Thursday, May 21, 2015

Parallel Paths

"A Mysterious Wilderness"
- Outside the Desert Retreat House -

Our old air-conditioning system finally broke down and since we are about to enter our “triple-digit” temperature season out here in the desert,  we will have to install a new one. Yesterday I spent the better part of the afternoon talking with a young man who was helping us to design our new system. Our meeting was supposed to take about an hour but instead it lasted well over three hours because, instead of just talking about how to keep the house cool in the hot summer months, we spent most of our time talking about faith, religion and spirituality.

I learned that this young man (in his early 30’s) had grown up in the Catholic Church,  and in fact, he had spent several years in a seminary studying for the priesthood.  Nowadays, if asked what religion he belongs to?  He answers, “none.”

He went on to tell me that he hasn’t exactly rejected religion,  but that he came to a point in his life where the church became far too restrictive and confining for him - somehow he felt that a pursuit of the truth is bigger and broader than what he was able to find inside the doors of the church. 

So now, this very bright and well-read young man has expanded the scope of his spiritual quest to include Buddhist literature and the wisdom of other spiritual traditions.

My three-hour conversation yesterday was very encouraging. My guess is that a lot of traditional religious believers (especially those in leadership roles) might do well to pay some close attention to people like the fellow I spoke with yesterday. I think he may well represent a growing group of young “millennials” who have turned away from traditional institutional religion in pursuit of a greater wisdom. Instead of abandoning their religion, they may, in fact be the ones who help religion find its way again.

There are some who say that the pursuit of many different religious paths dilutes and distorts the path you are on, making you less committed to it. I think perhaps the opposite may be true.

When I examine the life of people like the renowned Christian monk and mystic, Thomas Merton, I find someone firmly rooted in the Christian faith, clearly a follower of Jesus and yet also deeply informed by Buddhist teachings and principles. Merton’s many writings demonstrate how his deeply-rooted Christianity was profoundly enriched and enhanced by his connection to Buddhism and his ongoing relationship with a community of Buddhist monks.

But none of this is at all surprising to me. When I look at the life and teachings of Jesus and compare it to the Buddha, it becomes crystal-clear that they walked parallel paths - not exactly the same path, but they were certainly walking in the same direction.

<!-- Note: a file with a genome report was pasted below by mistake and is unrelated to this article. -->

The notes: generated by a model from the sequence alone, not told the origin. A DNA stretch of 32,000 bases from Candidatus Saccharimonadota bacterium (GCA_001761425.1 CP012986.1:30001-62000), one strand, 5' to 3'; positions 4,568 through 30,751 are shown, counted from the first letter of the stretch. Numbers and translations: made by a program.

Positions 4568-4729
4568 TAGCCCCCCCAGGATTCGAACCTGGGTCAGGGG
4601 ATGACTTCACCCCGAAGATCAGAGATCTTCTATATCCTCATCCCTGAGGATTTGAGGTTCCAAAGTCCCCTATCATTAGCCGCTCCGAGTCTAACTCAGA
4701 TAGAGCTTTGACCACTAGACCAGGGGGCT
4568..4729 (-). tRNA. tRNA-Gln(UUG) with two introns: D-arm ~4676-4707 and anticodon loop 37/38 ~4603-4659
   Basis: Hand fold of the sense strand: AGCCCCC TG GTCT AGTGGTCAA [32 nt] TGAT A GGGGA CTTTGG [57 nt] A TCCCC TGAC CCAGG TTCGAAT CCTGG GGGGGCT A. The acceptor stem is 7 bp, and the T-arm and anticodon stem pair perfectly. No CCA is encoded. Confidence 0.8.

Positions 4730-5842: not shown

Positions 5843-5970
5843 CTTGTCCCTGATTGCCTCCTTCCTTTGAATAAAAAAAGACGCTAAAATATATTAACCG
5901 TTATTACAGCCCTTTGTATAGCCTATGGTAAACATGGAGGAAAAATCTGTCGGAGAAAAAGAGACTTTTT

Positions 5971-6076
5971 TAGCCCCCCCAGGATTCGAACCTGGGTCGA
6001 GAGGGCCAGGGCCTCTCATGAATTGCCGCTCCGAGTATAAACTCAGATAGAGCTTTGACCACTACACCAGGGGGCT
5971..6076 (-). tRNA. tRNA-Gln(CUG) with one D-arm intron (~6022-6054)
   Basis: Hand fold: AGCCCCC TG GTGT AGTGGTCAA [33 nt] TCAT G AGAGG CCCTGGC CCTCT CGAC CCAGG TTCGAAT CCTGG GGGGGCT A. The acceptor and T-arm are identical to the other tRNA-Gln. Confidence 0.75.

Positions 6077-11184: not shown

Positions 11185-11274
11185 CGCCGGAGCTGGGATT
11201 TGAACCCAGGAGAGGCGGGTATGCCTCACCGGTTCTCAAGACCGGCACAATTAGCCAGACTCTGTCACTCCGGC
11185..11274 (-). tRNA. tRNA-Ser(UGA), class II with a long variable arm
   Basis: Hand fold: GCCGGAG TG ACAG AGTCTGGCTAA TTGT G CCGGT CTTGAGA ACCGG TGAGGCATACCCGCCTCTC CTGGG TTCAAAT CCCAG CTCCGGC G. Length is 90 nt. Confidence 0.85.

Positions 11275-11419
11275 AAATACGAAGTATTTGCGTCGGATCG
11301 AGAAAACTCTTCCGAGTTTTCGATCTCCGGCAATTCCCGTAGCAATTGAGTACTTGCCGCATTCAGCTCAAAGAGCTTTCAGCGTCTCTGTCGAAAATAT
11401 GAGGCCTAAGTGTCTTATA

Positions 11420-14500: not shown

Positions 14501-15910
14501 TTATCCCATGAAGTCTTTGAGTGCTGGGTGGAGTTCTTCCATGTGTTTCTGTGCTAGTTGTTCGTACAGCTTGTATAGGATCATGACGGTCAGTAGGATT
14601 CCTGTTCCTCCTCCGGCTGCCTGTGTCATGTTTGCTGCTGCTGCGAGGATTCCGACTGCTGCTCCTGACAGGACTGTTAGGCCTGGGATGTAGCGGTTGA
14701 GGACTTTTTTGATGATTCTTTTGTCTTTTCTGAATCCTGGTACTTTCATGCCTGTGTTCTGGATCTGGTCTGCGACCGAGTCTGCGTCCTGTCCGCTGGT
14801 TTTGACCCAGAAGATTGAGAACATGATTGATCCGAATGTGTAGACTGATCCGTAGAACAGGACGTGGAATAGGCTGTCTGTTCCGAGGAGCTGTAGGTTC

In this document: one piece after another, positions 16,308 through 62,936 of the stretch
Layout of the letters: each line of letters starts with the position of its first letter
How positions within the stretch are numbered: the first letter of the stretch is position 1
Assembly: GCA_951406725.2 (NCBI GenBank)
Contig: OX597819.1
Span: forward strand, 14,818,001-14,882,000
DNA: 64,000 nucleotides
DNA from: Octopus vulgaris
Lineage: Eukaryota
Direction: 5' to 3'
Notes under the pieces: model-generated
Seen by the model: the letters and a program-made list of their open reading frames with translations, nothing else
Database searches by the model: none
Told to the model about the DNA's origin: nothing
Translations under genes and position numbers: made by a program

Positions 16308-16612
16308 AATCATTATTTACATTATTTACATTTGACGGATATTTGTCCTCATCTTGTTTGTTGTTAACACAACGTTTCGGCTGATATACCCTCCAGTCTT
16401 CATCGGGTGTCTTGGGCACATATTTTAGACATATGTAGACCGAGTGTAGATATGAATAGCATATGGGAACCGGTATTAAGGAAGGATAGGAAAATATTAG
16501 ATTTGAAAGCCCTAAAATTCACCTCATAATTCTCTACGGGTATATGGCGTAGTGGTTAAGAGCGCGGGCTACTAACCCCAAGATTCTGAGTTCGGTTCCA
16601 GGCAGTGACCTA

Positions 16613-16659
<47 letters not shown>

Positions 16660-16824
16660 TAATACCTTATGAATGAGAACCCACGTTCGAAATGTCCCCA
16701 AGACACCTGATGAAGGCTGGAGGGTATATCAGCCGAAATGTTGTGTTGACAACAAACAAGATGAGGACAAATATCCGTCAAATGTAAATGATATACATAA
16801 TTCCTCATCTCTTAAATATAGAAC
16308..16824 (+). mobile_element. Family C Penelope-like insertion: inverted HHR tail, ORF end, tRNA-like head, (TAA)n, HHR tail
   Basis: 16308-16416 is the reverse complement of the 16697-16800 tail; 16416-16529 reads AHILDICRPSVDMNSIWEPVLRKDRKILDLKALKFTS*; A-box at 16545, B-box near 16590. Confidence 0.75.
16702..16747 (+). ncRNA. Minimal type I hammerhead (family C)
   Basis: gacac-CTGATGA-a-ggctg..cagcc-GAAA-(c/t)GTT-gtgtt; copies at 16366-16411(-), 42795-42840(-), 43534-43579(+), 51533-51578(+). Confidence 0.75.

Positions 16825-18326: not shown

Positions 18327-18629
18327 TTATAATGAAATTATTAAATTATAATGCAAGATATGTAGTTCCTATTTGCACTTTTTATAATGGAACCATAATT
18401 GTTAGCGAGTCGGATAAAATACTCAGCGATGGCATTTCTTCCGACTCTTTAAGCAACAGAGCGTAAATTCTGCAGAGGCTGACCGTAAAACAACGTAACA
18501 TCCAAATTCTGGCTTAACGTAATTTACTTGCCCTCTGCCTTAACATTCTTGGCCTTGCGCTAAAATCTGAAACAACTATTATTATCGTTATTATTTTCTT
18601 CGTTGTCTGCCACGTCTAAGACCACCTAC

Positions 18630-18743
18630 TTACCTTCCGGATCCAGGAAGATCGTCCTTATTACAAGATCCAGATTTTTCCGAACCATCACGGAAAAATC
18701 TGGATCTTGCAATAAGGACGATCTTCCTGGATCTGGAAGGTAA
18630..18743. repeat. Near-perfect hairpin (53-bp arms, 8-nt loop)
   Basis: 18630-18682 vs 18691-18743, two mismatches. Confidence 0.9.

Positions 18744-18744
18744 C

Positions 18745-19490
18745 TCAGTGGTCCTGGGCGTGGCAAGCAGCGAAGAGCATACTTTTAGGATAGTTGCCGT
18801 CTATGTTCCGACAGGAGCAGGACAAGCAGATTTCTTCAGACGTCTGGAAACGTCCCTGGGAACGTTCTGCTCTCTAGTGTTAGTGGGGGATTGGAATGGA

A few years back I read a book by Christian theologian, Paul Knitter: Without Buddha I Could not be a Christian. The book had a serious impact on my thinking, opening up  doors of realization to me. I could pursue the wisdom of the Buddha while still remaining a faithful follower of Jesus.

In his book,  Knitter says this about the Buddha  (an insight based on the Buddha’s first sermon):

He saw, not only with his mind but with his whole being,
just how the world and human existence in it worked,
how everything was in a constant process of interconnected movement,
how suffering is caused when humans greedily try to break the interconnections
and hold onto things just for themselves,
how suffering can be stopped through letting go not just of selfishness
but of the very self
in compassion for all beings.


When I read this poignant description of the Buddha and his wisdom I think to myself, “this exact same thing can be said of Christ and his teachings.”  In fact, when I walk down this “Buddha path” on the way to wisdom, I find profound insight into what Jesus constantly taught, pointing his followers in the direction of the “way” of compassion.   

I think it may be true that without the Buddha I could not be a Christian.

A Zen saying comes to mind:

There are many paths up the Mountain,
but the view of the moon from the top is the same.




Listen to my podcast:"Desert Wisdom"

2 comments:

  1. Absolutely true. I feel much the same way. Emptiness and oneness with God in Christ go hand in hand and from them the same ethical imperatives are drawn.

    I used to install and service refrigeration equipment too. My son lived in Albuquerque for a while and told me they have swamp coolers which are used for air conditioning. No compressor. No refrigerant other than water and air. I wondered how it worked and he said it was fine.

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    1. Yeah thanks...sometimes the simple path is the best isn't it?

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